“But exactly what do our liberal advisors ask of the civil rights movement? They ask the movement to stop holding demonstrations. They ask it to cool things down. Maybe the movement can call off its demonstrations, but it can’t cool things down. All it can do is withhold leadership. People can’t be turned on and off. In those areas where violence is feared, a moratorium on demonstrations will make things hotter. The active civil rights leadership is not firmly entrenched in the Negro community, and it will lose its influence as soon as it stops producing results. Within the community, a moratorium on civil rights activity can only be interpreted as a sign that the movement is not totally committed to the problems of the ghetto. It will show that the movement has reservations. The people are angry. The people are bitter. The situation is tense, and justifiably so. The civil rights movement holds some promise of results to the Negro community. This cannot be withdrawn. The reality of protest is with us. The only question remaining is whether the protest will have direction or whether it will not.”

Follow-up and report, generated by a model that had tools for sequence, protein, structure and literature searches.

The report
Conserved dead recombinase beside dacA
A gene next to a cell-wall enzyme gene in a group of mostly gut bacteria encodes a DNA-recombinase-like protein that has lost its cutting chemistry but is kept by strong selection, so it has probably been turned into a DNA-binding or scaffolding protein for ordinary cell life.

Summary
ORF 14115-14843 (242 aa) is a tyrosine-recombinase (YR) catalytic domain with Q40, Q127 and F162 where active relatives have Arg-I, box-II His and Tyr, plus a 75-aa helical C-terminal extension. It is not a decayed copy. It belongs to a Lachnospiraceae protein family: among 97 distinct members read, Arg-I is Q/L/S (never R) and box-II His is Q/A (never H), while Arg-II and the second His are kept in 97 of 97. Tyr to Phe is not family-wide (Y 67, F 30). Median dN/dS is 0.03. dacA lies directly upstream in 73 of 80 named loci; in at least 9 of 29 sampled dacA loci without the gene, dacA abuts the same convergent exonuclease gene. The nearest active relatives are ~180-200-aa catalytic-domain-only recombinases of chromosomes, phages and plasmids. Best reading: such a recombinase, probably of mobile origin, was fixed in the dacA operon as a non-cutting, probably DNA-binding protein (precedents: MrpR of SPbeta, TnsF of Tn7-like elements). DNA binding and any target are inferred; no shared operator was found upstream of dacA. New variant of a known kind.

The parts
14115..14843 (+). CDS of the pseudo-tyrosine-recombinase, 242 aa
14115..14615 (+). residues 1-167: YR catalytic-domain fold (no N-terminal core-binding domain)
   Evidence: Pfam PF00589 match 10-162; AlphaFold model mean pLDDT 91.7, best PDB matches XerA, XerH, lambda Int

"We Will Not Stop Demonstrating" September 1964
Jack Weinberg speech at CORE street protest; in response to liberals calling for an election-time moratorium on protests.